When lawsuits targeting businesses not in compliance with the Americans with Disabilities Act first swept through Davis, Suresh Kumar saw the signs on Olive Drive.
Like dominoes, Redrum Burger, Shell and — eventually — Kumar’s Olive Drive Market joined the slate of businesses sued for ADA non-compliance. Kumar paid $6,000 to settle his lawsuit.
“The reason people settle is that if you’re actually going through the legal process, it’s probably 10 times more expensive,” he said. “People who are involved in the lawsuits are attorneys, and they know this.”
Plaintiffs alleged that the three Olive Drive businesses did not meet ordinances designed to accommodate individuals with disabilities. Kumar said his concern was not with the law, but rather the lack of warning of his violation.
“I’m in no way against any of the regulations,” he said. “But I’m just asking to be tactical, and have some time to fix it. There’s a slogan, ‘Small business is the backbone of America,’ and we have to strengthen it, not weaken it.”
That’s why Kumar joined Travis Hausauer, co-chair of Californians Against Lawsuit Abuse and himself a target at Sacramento’s Squeeze Inn burger restaurant. Together, the organization of small business owners discussed solutions.
The group found success when a Senate bill it supported, SB 1186, was signed into law by Gov. Jerry Brown. It went into effect Jan. 1.
Authored by Senate President Pro Tem Darrell Steinberg, D-Sacramento, the bill takes aim at predatory lawsuits by barring lawyers from issuing threatening letters before litigation. It also reduces the minimum fine for violations from $4,000 to $1,000.
Maryann Marino, representative of the Californians Against Lawsuit Abuse, said the hope is that the financial incentive for filing “frivolous lawsuits” has been reduced or removed entirely.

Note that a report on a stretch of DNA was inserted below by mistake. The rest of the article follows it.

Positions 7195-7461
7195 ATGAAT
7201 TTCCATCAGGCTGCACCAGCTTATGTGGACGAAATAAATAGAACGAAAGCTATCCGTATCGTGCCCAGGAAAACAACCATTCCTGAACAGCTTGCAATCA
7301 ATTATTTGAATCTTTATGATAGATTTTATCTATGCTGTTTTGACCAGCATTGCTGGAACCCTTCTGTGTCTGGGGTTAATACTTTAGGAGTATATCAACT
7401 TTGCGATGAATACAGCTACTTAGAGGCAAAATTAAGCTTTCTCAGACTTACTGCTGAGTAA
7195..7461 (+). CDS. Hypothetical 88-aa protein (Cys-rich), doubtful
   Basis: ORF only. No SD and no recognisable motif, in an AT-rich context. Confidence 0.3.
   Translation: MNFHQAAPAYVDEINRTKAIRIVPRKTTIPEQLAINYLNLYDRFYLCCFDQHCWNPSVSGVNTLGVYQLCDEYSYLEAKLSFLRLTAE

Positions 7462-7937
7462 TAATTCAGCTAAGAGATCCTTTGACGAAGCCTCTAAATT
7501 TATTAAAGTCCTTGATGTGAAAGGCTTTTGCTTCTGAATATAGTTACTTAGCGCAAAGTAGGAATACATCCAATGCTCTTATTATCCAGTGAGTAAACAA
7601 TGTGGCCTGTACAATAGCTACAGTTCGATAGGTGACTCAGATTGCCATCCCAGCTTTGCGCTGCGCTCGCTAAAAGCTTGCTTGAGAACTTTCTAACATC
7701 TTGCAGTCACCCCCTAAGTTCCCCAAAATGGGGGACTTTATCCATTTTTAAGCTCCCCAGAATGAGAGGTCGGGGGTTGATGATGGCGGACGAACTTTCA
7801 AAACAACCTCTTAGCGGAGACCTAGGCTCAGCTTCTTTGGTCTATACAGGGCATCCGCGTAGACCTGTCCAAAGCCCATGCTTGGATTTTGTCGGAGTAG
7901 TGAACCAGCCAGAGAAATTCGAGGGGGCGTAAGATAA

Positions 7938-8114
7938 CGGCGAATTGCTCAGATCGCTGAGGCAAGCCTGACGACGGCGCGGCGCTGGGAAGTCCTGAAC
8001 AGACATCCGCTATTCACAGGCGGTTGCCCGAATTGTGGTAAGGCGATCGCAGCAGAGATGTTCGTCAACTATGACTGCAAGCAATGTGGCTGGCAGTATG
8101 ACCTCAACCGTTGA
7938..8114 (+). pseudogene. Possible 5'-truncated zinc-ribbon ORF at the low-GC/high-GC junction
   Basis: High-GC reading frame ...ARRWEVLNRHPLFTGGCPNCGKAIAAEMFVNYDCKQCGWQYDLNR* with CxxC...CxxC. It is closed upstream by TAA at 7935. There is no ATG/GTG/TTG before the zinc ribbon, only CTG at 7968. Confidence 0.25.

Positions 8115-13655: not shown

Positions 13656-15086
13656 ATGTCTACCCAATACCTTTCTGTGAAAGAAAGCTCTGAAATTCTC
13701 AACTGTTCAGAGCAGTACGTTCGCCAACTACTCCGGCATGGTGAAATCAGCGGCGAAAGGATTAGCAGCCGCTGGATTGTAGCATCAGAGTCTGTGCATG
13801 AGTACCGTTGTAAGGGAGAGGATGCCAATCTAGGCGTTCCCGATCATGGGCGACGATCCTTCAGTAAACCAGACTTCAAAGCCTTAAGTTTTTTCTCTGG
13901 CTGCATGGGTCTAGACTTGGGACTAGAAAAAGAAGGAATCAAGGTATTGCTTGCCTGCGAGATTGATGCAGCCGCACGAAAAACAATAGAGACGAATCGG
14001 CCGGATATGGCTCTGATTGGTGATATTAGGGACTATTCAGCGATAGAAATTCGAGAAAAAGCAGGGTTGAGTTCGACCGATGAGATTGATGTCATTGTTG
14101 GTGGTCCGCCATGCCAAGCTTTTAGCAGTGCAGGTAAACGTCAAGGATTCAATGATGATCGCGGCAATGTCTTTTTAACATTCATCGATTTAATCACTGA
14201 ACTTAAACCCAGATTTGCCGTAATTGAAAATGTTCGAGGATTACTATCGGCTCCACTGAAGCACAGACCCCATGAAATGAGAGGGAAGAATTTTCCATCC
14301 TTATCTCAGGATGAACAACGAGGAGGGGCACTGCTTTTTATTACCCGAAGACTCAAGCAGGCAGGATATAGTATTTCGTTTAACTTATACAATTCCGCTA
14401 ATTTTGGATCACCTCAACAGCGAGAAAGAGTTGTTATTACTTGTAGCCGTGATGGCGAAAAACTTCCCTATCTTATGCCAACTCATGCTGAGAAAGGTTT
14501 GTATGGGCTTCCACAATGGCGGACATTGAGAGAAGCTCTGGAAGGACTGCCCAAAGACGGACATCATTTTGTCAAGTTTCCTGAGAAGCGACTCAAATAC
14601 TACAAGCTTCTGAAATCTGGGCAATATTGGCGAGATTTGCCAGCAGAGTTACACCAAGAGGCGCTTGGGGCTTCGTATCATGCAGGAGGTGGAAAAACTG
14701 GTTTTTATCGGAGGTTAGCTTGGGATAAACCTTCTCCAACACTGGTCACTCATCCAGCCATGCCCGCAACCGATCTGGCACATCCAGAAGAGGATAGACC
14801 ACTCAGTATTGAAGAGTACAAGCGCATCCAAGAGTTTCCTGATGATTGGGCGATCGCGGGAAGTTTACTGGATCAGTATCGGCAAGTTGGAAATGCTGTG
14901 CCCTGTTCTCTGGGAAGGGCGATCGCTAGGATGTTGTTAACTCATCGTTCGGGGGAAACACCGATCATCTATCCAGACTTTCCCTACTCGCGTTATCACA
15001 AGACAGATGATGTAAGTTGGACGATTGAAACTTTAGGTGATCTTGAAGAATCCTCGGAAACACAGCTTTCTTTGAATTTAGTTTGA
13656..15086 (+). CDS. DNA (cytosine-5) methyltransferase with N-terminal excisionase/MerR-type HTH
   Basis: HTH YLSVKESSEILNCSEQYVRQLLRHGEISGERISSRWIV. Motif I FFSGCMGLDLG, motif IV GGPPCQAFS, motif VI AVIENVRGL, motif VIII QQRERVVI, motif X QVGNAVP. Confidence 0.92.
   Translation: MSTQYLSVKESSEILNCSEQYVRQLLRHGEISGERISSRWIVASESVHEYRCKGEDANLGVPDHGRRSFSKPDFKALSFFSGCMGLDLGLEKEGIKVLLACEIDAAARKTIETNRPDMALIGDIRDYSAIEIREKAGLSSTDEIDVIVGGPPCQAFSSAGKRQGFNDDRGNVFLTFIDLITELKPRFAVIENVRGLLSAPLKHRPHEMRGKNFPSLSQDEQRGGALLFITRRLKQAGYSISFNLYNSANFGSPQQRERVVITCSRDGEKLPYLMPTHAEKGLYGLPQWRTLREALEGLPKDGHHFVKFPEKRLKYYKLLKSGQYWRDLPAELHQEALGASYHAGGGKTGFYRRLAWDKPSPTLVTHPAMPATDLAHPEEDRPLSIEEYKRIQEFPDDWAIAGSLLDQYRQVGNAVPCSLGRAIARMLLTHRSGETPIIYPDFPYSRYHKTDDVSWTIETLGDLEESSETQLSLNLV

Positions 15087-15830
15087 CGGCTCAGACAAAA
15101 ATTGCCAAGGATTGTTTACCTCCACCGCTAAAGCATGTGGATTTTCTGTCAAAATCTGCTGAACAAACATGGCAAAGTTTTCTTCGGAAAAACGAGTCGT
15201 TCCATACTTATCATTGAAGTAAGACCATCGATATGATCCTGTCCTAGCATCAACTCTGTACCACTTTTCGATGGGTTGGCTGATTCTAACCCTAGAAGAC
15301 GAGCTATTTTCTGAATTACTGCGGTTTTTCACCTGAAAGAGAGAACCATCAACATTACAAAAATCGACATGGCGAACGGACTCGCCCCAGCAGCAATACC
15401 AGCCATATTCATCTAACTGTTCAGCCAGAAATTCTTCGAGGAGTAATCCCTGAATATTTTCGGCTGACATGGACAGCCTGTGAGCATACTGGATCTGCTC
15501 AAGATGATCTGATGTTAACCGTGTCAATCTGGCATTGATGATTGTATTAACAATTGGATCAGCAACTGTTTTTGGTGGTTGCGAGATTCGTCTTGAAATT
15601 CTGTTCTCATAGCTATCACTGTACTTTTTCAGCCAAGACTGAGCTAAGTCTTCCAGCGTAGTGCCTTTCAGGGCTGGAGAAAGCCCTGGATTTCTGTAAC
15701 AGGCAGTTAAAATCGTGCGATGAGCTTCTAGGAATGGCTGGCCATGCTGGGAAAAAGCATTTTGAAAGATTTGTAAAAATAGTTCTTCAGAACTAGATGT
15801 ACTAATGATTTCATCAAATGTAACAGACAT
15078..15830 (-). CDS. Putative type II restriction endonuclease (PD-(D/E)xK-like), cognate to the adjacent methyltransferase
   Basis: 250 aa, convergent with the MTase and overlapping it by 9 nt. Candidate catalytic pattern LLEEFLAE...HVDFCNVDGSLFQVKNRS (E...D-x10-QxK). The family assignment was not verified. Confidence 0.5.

The remaining objective is extending the length of time business owners with ADA compliance infractions have to take corrective action, she added.
“The problem with these lawsuits is that no one seems to care whether the problem is fixed or not,” Marino explained. “They just want to get the amount of money it takes for the accused party to settle.”
How the new bill will affect ADA “enforcers” like Sacramento attorney Scott Johnson, who has filed more than 2,200 ADA complaints, remains to be seen. Johnson was responsible for nearly all of the Davis lawsuits.
Johnson declined comment. The disabled rights crusader has recently become involved in a lawsuit himself, filed by four of his former legal assistants who accuse him of sexual harassment.
It’s not always the cost of settling lawsuits that puts a business under; sometimes it’s the changes that are necessary to comply with the ADA.
Don Shor of Redwood Barn Nursery, named in one of Johnson’s lawsuits, can attest to the expenses associated with meeting standards. Shor said he had to redo parking layout and signage, along with the entrance to his nursery on East Fifth Street.
“I’m actually happy to comply, and pleased with the results, but not happy about the way it came about,” he said. “We were lucky. Some businesses simply won’t be able to fully comply at a reasonable cost.”
Shor’s words are certainly true for one of Davis’ longest-running fast-food restaurants, Dairy Queen. The restaurant, at 909 Fifth St., may have to close because it faces approximately $50,000 in mandated accessibility improvements.
Owner Shahid Iqbal said the franchise is asking him to foot the bill, which he can’t afford. A “for lease” sign is posted outside the establishment, and Iqbal said the building owner has put a two-month deadline on the upgrades.
After more than 50 years of operation, a staple of local sweet treats and burgers may be gone as early as April.
While the potential closure seems sentimental, on the other side of the issue are a group of individuals who would be excluded from accessing some local businesses if not for the ADA upgrades.
“It’s important to have access laws in place for people with disabilities, so that they can be part of the community and have the same quality of life as anyone else,” said Margaret Johnson, advocacy director for Disability Rights California.
And in each legal proceeding and political decision, perhaps it’s this group that really has the most at stake.
“As a person with a disability myself, I obviously think it’s important that things be made accessible,” she said. “I’m able to get out and around and do everything, and I appreciate communities who welcome me in that way.”
— Reach Brett Johnson at firstname.lastname@example.org or 530-747-8052. Follow him on Twitter at @ReporterBrett